Increased investment drives employment opportunities for citizens at all levels, from architects and construction workers, to manufacturing and technology companies, in addition to the tourism sector and other service industries. The result is more business activity and new employment, leading to a more dynamic and positive socio‑economic environment overall. The natural consequence of this is to alleviate pressure on government spending, further increasing fiscal autonomy and ultimately establishing greater prosperity.
In the aftermath of the 2008 financial crisis, Malta’s economy, for example, like those of all of Europe, was weak. Just years after the launch of its first citizenship program in 2014, the country had one of the highest growth rates and one of the lowest unemployment levels of any EU member state. Before the coronavirus struck, Malta’s was the best performing economy in the EU by almost any measure. Furthermore, between 2017 and 2019 (before the downturn caused by the pandemic), Malta reported annual budget surpluses for the first time in decades. Between 2015 and 2020, Malta's Individual Investor Programme attracted approximately EUR 1 billion in contributions related to property purchases and rent, investments, and contributions, EUR 196.6 million in investments in government stocks, and EUR 5.3 million in donations. Such results are virtually impossible to achieve using traditional public finance methods.
In the Caribbean, a similar success story has been unfolding over the past 15 years. Since the reform and relaunch of the St. Kitts and Nevis Citizenship by Investment Program in 2007, the subsequent investment boom in the dual island nation and in several other Caribbean countries that launched or enhanced programs is remarkable, and unprecedented in the region’s history.
Following independence from Britain, the Federation of St. Kitts and Nevis witnessed a decline in its sugar industry. It simply became unsustainable to produce sugar on the twin islands and to compete in world markets. This resulted in a massive annual deficit, which threatened to undermine the entire economy.4 Thanks to its citizenship by investment program, St. Kitts and Nevis was able to restructure its economy away from loss-making sugar production and raise hundreds of millions of dollars in foreign direct investment geared towards providing a sustainable transition and laying the foundations for future growth and development.5 Over the past seven years, the St. Kitts and Nevis Citizenship by Investment Program has brought great value — at times estimated at 35% of the dual-island nation’s revenue. Investment migration is, according to the Hon. Dr. Timothy Harris, Prime Minister of St. Kitts and Nevis, “a pillar in the foundation of the country’s unique future and prosperity”.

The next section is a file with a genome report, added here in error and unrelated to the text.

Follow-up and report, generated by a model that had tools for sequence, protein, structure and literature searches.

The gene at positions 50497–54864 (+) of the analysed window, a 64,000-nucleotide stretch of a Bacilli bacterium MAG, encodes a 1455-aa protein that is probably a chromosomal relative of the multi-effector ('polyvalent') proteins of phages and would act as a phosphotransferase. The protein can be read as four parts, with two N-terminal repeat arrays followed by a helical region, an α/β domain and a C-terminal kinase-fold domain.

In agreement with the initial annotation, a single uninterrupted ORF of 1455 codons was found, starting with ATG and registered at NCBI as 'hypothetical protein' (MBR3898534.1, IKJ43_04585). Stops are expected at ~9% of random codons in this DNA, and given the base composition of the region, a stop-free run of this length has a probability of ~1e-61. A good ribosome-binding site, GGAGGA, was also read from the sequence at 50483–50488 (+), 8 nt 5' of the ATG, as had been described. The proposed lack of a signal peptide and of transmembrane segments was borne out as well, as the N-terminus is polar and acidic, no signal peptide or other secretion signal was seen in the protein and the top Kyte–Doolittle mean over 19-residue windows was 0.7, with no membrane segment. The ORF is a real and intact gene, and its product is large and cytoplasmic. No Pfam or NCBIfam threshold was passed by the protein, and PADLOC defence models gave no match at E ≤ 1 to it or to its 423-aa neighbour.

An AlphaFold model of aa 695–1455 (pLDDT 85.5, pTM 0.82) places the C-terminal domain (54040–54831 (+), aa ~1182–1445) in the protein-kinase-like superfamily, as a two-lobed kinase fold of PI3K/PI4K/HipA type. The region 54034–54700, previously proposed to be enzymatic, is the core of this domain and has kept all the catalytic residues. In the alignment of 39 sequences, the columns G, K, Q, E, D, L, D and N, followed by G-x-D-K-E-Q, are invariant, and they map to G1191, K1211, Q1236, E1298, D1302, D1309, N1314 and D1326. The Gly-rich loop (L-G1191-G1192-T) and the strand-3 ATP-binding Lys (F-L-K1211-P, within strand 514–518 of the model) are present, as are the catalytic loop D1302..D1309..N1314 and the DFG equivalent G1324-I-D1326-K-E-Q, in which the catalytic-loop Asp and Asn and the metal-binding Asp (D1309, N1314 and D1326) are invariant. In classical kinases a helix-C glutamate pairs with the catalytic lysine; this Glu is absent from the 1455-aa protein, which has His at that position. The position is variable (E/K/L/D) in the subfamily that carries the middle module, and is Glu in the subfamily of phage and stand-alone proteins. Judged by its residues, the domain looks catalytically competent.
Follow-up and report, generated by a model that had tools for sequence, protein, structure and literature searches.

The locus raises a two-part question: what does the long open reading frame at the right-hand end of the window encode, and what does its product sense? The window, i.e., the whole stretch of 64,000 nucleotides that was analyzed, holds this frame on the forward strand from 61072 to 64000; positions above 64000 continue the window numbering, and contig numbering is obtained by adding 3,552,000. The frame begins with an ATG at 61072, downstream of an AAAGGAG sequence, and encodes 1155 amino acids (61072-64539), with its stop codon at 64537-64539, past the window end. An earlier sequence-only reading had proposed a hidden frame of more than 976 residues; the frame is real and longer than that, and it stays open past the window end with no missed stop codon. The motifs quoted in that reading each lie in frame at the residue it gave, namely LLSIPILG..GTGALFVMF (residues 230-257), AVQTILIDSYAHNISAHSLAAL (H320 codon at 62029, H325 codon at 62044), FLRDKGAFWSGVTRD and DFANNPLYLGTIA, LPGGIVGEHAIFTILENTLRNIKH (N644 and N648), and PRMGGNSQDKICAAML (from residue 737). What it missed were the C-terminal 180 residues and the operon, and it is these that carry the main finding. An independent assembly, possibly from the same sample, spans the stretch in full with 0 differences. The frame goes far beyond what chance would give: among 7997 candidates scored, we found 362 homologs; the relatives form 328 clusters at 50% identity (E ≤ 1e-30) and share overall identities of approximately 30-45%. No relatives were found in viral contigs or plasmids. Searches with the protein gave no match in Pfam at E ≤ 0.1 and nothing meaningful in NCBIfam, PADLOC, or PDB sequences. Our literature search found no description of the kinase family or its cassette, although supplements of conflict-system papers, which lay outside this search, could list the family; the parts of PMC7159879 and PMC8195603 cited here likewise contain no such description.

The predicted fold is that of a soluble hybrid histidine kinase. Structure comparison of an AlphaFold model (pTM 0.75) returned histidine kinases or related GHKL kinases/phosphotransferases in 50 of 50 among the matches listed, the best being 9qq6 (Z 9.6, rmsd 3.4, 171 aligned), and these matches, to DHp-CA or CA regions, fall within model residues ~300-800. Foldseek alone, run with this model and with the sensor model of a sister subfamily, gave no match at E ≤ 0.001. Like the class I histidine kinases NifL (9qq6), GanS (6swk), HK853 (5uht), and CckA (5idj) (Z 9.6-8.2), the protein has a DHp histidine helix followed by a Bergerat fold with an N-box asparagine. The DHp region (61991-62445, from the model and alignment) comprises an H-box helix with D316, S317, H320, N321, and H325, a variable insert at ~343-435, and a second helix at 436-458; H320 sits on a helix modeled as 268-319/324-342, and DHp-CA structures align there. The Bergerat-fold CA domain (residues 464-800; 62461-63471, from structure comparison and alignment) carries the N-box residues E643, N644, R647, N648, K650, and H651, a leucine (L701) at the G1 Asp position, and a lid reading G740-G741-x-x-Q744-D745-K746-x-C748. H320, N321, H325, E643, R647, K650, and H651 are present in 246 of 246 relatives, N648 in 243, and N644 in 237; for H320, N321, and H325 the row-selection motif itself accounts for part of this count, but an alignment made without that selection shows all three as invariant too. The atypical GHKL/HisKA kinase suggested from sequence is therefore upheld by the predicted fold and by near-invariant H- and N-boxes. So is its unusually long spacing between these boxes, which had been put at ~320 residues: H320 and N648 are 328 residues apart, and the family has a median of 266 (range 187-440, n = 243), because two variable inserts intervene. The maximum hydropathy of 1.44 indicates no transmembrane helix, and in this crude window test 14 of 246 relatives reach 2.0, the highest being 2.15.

During the closing session of the 15th Global Citizenship Conference in December 2021, the Premier of Nevis, the Hon. Mark Brantley said, “If you were to ask what saved St. Kitts and Nevis during the pandemic, I would say citizenship by investment. This experience has demonstrated that citizenship by investment has a place in this world, particularly for small countries like ours, and for countries which do not have access to vast resources.”
In Antigua and Barbuda, revenue from the dual island nation’s citizenship by investment program, created in 2013, brought in USD 123.1 million in 2021, helping to cushion the adverse effects of declining government revenues from other sources. This compared with USD 115.7 million in 2020, USD 98.9 million in 2019, and USD 59.7 million in 2018. Antigua and Barbuda’s Prime Minister, the Hon. Gaston Browne, stated: “The significant damage to our economy by the global effects of Covid‑19 underscored the importance and benefits of the citizenship by investment program. As tax revenues fell rapidly and swiftly, it was — and continues to be — that the citizenship by investment program has helped to sustain our economy.” Program inflows are responsible for substantial investments in the construction sector that have helped to create a sustainable tourism and leisure industry. In addition, investment migration has been a major driver in the country’s transition to renewable energy. Thousands of solar panels have been successfully installed on government buildings and land throughout Antigua to produce electricity, in significant part paid for by the citizenship by investment program. The program was also essential in providing the necessary capital to support efforts to rebuild Barbuda after Hurricane Irma devastated the island in 2017, forcing the evacuation of the entire population.